As the ceremony from Theipval, commemorating the Battle of the Somme, plays in the background, it reminded me that I’d not posted my slides from a session I presented to the Visual Culture Research Group at MMU on Wednesday afternoon, in which I gave an overview of my book proposal to convert my PhD to publication (very slow progress, yes!).
My presentation came after Jim Aulich had talked about social visual media and the persistence of images, finding comparisons between, for example, the image of Alan Kurdi, and comparisons with religious iconography. Both presentations considered why certain images have meanings, and persist.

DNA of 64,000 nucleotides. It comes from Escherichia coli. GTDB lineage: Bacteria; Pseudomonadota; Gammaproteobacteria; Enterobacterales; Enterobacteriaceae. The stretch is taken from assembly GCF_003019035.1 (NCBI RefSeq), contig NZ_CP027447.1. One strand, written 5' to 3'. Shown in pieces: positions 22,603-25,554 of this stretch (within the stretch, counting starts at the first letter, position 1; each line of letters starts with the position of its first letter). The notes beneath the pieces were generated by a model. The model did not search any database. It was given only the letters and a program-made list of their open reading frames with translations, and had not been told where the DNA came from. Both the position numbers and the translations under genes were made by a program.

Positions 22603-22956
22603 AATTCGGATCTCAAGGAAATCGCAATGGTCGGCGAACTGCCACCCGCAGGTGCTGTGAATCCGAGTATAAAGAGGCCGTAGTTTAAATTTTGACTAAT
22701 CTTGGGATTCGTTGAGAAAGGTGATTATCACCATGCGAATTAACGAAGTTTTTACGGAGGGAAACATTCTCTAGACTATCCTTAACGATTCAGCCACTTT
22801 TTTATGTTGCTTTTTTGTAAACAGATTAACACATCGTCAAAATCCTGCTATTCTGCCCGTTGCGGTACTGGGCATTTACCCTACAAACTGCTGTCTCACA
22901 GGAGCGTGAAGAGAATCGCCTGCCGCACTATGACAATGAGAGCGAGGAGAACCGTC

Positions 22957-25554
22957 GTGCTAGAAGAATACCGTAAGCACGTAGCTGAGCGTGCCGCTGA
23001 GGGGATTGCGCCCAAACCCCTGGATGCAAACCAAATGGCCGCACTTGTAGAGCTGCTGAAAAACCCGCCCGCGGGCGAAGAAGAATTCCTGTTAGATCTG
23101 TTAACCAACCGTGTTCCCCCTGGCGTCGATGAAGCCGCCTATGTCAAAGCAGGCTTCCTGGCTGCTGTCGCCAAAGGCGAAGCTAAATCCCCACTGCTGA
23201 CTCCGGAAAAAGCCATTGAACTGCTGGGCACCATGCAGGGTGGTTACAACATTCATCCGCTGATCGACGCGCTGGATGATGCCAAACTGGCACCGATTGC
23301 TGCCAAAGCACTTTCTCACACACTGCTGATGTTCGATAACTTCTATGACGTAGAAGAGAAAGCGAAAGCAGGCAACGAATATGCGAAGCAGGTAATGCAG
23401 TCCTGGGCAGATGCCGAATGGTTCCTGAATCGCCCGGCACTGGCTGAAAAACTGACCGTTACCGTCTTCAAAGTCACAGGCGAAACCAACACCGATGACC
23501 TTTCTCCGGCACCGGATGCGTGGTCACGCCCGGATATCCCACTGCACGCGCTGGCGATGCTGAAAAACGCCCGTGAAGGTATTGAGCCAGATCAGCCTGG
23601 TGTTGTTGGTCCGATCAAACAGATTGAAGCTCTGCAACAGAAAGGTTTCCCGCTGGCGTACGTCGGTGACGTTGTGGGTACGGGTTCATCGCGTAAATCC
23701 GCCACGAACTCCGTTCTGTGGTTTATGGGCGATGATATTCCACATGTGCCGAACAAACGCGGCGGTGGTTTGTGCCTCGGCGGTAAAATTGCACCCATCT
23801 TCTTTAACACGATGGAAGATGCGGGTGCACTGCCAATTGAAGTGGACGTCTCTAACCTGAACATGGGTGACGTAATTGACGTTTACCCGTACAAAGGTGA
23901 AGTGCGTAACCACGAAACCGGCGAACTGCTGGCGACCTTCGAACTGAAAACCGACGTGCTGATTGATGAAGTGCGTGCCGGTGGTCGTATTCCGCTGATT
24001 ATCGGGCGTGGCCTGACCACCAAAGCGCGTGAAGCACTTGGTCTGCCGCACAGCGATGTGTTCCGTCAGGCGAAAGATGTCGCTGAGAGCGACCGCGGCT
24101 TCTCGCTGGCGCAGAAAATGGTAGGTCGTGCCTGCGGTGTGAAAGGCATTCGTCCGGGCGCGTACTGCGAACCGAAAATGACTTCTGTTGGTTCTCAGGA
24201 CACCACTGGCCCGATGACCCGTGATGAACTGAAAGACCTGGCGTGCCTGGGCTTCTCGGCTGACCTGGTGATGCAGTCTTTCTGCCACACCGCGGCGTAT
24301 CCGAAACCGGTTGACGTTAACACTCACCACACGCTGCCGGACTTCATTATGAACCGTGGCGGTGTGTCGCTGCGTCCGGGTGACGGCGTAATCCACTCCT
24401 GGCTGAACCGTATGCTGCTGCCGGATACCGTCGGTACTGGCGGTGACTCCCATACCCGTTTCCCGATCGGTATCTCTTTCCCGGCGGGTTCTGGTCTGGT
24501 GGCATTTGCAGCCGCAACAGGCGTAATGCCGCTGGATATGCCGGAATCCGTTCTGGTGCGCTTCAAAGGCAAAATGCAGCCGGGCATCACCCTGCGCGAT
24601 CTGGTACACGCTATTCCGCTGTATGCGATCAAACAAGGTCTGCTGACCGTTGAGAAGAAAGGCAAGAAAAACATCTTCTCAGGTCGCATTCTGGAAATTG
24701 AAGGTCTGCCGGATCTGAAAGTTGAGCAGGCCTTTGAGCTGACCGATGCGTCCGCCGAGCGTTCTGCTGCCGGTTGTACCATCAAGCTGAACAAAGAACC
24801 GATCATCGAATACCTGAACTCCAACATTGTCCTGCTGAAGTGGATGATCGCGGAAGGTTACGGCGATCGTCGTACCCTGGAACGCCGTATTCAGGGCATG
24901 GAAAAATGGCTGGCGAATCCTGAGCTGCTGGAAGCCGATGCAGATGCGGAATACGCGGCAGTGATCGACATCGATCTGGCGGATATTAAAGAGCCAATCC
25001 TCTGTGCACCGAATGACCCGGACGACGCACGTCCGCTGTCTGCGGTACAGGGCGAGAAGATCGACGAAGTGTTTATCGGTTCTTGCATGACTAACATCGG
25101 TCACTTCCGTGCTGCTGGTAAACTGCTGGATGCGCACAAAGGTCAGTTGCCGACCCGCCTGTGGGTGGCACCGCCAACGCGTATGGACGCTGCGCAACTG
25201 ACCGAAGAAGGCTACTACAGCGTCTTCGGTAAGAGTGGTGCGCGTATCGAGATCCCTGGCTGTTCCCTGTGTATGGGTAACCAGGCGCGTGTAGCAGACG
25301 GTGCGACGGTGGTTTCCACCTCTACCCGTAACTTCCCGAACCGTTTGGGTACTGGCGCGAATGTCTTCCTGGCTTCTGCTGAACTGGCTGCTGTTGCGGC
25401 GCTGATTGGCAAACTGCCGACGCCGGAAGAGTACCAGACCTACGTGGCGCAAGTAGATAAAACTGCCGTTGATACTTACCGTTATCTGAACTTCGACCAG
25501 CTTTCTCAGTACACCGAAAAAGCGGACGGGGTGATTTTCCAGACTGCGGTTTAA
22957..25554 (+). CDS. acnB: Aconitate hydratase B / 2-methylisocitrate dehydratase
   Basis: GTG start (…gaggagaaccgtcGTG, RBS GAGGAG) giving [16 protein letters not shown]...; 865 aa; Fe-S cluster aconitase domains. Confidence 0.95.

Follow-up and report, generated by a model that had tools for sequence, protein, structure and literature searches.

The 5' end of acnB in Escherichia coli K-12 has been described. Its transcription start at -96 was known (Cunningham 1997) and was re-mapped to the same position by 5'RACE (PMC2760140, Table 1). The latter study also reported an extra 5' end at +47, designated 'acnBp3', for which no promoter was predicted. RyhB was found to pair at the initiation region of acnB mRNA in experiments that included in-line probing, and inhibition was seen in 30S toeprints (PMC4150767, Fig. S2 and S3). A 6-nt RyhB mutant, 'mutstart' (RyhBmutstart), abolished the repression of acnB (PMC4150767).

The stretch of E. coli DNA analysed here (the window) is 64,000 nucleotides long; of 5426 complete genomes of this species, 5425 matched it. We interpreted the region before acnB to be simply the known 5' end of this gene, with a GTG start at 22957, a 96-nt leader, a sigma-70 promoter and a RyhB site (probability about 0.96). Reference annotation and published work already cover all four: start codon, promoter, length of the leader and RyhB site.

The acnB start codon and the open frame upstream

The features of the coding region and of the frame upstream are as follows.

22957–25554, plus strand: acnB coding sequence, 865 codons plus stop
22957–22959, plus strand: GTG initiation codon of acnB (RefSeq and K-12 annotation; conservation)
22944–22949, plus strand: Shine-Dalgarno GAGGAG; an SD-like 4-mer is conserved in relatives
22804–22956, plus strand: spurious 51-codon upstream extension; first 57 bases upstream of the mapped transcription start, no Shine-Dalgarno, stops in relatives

In my presentation, it seemed particularly pertinent that this presentation came the week after #Brexit, as we discussed how Keep Calm and Carry On has in many ways detached from its original context, but that the story does affect how people engage with it, that my Google Alerts for the phrase has produced much more interesting content this week than it has for the last couple of weeks, as people once again cling onto the phrase!
Mass Communications Academic, @MMUBS. British Home Front Propaganda posters as researched for a PhD completed 2004. In 1997, unwittingly wrote the first history of the Keep Calm and Carry On poster, which she now follows with interest.